So pleased with this article on transdisciplinary research – culmination of a decade of work with John van Breda and many masters and PhD students, as well as community organisers in Enkanini. This article is our contribution to the new global discussion about transdisciplinary research which is dominated by European institutions. Ours emerges from our African context, especially urban informality which is so pervasive across the continent. This article provides a way of understanding research that many African students long for but rarely find in their respective courses on research methodology.

Authors: John van Breda and Mark Swilling

Type of publication: Journal publication

Reference details: van Breda, J. & Swilling, M. 2018. The guiding logics and principles for designing emergent
transdisciplinary research processes: learning experiences and reflections from a transdisciplinary urban case study in Enkanini
informal settlement, South Africa. Sustainability Science, https://doi.org/10.1007/s11625-018-0606-x.

Keywords: Interdisciplinary research · Transdisciplinary research · Emergent design · Multi-track transdisciplinary
processes · Boundary objects · Social transformation and innovation · Transformative knowledge co-production

Download: an Breda Swilling (2018) Emergent TDR Design (002)

Abstract

Transdisciplinarity is not a new science per se, but a new methodology for doing science with society. A particular
challenge in doing science with society is the engagement with non-academic actors to enable joint problem formulation,
analysis and transformation. How this is achieved differs between contexts. The premise of this paper is that transdisciplinary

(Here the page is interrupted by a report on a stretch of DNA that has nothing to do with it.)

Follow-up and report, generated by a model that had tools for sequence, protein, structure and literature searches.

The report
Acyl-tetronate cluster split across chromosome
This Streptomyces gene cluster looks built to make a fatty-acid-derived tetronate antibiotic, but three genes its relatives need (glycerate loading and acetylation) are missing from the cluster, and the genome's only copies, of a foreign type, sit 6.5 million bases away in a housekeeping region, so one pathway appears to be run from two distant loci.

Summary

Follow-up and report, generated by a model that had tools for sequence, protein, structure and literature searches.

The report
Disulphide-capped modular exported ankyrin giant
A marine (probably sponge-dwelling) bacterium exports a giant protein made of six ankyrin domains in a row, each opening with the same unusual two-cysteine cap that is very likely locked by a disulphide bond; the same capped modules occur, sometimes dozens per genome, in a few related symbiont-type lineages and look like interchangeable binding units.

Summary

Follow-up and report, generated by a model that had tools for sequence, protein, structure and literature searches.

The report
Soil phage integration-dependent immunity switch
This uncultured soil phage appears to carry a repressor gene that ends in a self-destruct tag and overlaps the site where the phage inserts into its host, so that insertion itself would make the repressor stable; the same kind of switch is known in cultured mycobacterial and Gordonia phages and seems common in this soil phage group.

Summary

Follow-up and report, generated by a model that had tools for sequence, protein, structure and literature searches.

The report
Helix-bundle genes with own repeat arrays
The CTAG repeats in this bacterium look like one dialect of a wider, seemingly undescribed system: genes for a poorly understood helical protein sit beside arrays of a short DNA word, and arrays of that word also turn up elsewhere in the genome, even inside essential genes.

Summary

research (TDR) methodologies designed for developed world contexts cannot merely be replicated and transferred
to developing world contexts. Thus a new approach is needed for conducting TDR in contexts characterised by high levels
of complexity, conflict and social fluidity. To that end, this paper introduces a new approach to TDR titled emergent
transdisciplinary design research (ETDR). A core element of this approach is that the research process is designed as it
unfolds, that is, it transforms as it emerges from and within the fluid context. The ETDR outlined in this paper emerged
through a case study in the informal settlement (slum) of Enkanini in Stellenbosch, South Africa. This case study
demonstrates the context from and within which the ETDR approach and identifies a set of guiding logics that can be used
to guide ETDR approaches in other contexts. The study demonstrates that the new logics and guiding principles were not
simply derived from the TDR literature, but rather emerged from constant interacting dynamics between theory and
practice. Learning how to co-design the research process through co-producing transformative knowledge and then
implementing strategic interventions to bring about incremental social change is key to theory development in ways that
are informed by local contextual dynamics. There are, however, risks when undertaking such TDR processes such as
under-valuing disciplinary knowledge, transferring risks onto a society, and suppressing ‘truth-to-power’.